Have you noticed any 100-legged intruders in your house lately? If so, you’re not alone.
Hundreds of people have been sharing their close encounters with millipedes currently in plague proportions and invading homes across Canberra and the NSW South Coast, Southern Tablelands and Central West.
One resident in Yass, near Canberra, says her family has been switching off their lights at night to avoid the millipedes coming inside, while another says the creatures have been crawling all over the eaves, bricks, doors and windows of their house this week.
Anna Marsden lives nearby in Murrumbateman and says locals have been complaining about having to sweep up the millipedes several times per day.
“Yesterday, I was at the Murrumbateman vet and they had millipedes galore,” she says. “It was the same at my Pilates studio. They seem to come into places built at floor level – luckily our house is on stumps.”
Glen Wynn owns a pest control business in the Yass Valley and he says this is the “most substantial” millipede plague he has ever seen in his career.
“Last year, we were getting a lot of calls about earwigs, then suddenly millipedes this year,” he says. “It’s very bizarre.”
Dr Tanya Latty, an associate professor and entomologist at the University of Sydney, and Graham Milledge, who manages the millipede collection at the Australian Museum in Sydney, believe it’s the Portuguese millipede that’s wreaking havoc down south.
“It’s hard to know without seeing the millipedes, however just from their behaviour, the tendency to form big groups is something we see more often in Portuguese millipedes than our native species,” says Dr Latty.
The Portuguese millipede was accidentally introduced into Australia and has become an invasive pest.
Mr Milledge said they’re adapted to Mediterranean conditions and are commonly found in the southern states including Victoria, South Australia, Western Australia, ACT and southern NSW, although rarely seen in Sydney.
A wet spring and summer, caused by La Nina, has created the perfect breeding ground for the Portuguese millipede, says Dr Latty.
“Millipedes like moist environments so the rain gives them that breeding habitat,” she says.
“They also feed on decaying matter so if you’ve got a nice, humid environment, you’re going to have more millipede food around.”
With that being said, people who aren’t a fan of millipedes living inside should at least encourage them to move into their garden.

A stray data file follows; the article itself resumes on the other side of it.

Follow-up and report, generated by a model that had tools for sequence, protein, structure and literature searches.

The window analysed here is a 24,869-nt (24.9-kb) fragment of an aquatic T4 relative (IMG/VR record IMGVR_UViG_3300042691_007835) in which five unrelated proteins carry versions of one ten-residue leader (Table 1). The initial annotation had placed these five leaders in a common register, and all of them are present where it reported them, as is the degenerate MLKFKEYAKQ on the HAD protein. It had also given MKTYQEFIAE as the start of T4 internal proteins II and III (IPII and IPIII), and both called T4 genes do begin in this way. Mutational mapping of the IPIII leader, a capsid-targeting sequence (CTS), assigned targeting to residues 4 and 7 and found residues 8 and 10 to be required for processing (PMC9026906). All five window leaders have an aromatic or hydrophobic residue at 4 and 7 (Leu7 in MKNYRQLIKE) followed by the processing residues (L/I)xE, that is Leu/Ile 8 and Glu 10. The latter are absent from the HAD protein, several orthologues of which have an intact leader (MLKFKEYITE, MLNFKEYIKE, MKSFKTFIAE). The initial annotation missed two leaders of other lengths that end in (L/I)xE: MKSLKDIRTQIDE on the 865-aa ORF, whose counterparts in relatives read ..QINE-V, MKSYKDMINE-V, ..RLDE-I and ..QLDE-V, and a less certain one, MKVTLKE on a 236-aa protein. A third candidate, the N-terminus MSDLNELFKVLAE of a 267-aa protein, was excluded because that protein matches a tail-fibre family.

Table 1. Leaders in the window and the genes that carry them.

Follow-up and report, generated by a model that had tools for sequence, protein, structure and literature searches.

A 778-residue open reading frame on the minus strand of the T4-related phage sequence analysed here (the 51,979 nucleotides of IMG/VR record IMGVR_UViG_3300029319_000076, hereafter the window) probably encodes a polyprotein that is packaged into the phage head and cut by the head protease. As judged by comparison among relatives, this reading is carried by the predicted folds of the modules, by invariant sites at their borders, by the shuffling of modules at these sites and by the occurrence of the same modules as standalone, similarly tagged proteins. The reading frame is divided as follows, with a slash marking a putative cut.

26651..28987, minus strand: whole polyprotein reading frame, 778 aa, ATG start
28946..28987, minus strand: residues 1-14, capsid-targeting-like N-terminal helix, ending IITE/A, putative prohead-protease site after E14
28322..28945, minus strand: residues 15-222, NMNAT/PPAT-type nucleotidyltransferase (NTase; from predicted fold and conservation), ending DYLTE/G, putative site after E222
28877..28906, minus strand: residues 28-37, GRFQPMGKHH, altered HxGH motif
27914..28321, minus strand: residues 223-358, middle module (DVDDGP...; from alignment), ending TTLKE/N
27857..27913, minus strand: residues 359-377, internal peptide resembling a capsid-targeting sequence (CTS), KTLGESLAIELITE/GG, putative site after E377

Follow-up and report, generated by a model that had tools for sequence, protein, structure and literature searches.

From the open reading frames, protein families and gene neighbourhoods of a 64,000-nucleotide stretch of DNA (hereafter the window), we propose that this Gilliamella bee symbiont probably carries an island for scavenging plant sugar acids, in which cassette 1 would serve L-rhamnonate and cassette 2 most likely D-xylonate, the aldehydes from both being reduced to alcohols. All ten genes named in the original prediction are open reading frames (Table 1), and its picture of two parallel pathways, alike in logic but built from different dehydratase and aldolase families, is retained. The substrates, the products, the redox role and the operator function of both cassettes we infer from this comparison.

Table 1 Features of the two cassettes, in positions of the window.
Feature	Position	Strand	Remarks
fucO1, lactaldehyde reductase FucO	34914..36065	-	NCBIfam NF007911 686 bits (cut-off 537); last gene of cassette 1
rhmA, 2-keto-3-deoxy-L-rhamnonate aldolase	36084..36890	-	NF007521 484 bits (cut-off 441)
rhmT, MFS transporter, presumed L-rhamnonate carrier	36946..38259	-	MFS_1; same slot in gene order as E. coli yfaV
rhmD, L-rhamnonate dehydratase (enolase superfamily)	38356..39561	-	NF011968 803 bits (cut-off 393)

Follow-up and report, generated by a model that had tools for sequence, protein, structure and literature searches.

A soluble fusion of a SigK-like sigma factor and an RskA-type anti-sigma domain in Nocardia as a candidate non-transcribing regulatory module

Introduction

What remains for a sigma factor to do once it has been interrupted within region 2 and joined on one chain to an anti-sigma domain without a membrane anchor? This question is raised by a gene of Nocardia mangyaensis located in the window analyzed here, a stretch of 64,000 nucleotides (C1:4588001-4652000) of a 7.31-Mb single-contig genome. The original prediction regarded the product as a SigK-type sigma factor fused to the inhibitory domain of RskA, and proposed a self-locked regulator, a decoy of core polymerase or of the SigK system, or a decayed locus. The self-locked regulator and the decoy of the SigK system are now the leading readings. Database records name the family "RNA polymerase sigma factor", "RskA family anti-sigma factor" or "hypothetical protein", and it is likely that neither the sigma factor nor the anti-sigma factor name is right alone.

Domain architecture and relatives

“Millipedes are really important for nutrient-cycling,” says Dr Latty. “They break down big pieces of debris into bits that can be put back into the soil and used by plants and other organisms.
“I think any invertebrate, in any large number, freaks people out, but there’s also a tendency to confuse millipedes with centipedes.
“Centipedes can be venomous and deliver a nasty bite, whereas millipedes won’t sting or bite. Their main defence is to secrete a nasty chemical compound, which can be irritating, but it’s not the same as a centipede envenomating someone.”
Mr Milledge said millipedes are nocturnal to avoid predators.
It’s probably the bright lights glowing outside from houses that are attracting the millipedes inside, adds Dr Latty.
“Millipedes are attracted to light so if lights are on at night, it’s possible they are coming out and honing in on the light,” says Dr Latty.
“It’s also just possible there’s a lot of them around, and a lot of houses are not very well sealed in Australia. They’re probably not going inside purposefully because there’s not a lot of food for them inside people’s houses.”
The bad news is it’s difficult to say how long the Portuguese millipede will stick around for.
“Typically, their breeding season is one to two months long and after that, they should die down in numbers as the colder weather starts to move in, but it’s so hard to predict,” says Dr Latty.
“It comes down to a real problem in invertebrate research, which is that we don’t have good data for species such as Portuguese millipedes that have these periodic outbreaks.
“So if anyone is interested in doing a little citizen science, if you can get a good photo of the millipedes and upload them to the iNaturalist app or website, that information can get used by scientists to do things such as tracking the spread of millipedes or population spikes.”
While we aren’t used to millipede plagues annually, Dr Latty says an outbreak such as this isn’t unprecedented and that, in 2002, a similar outbreak shut down the train line between Ballarat and Melbourne.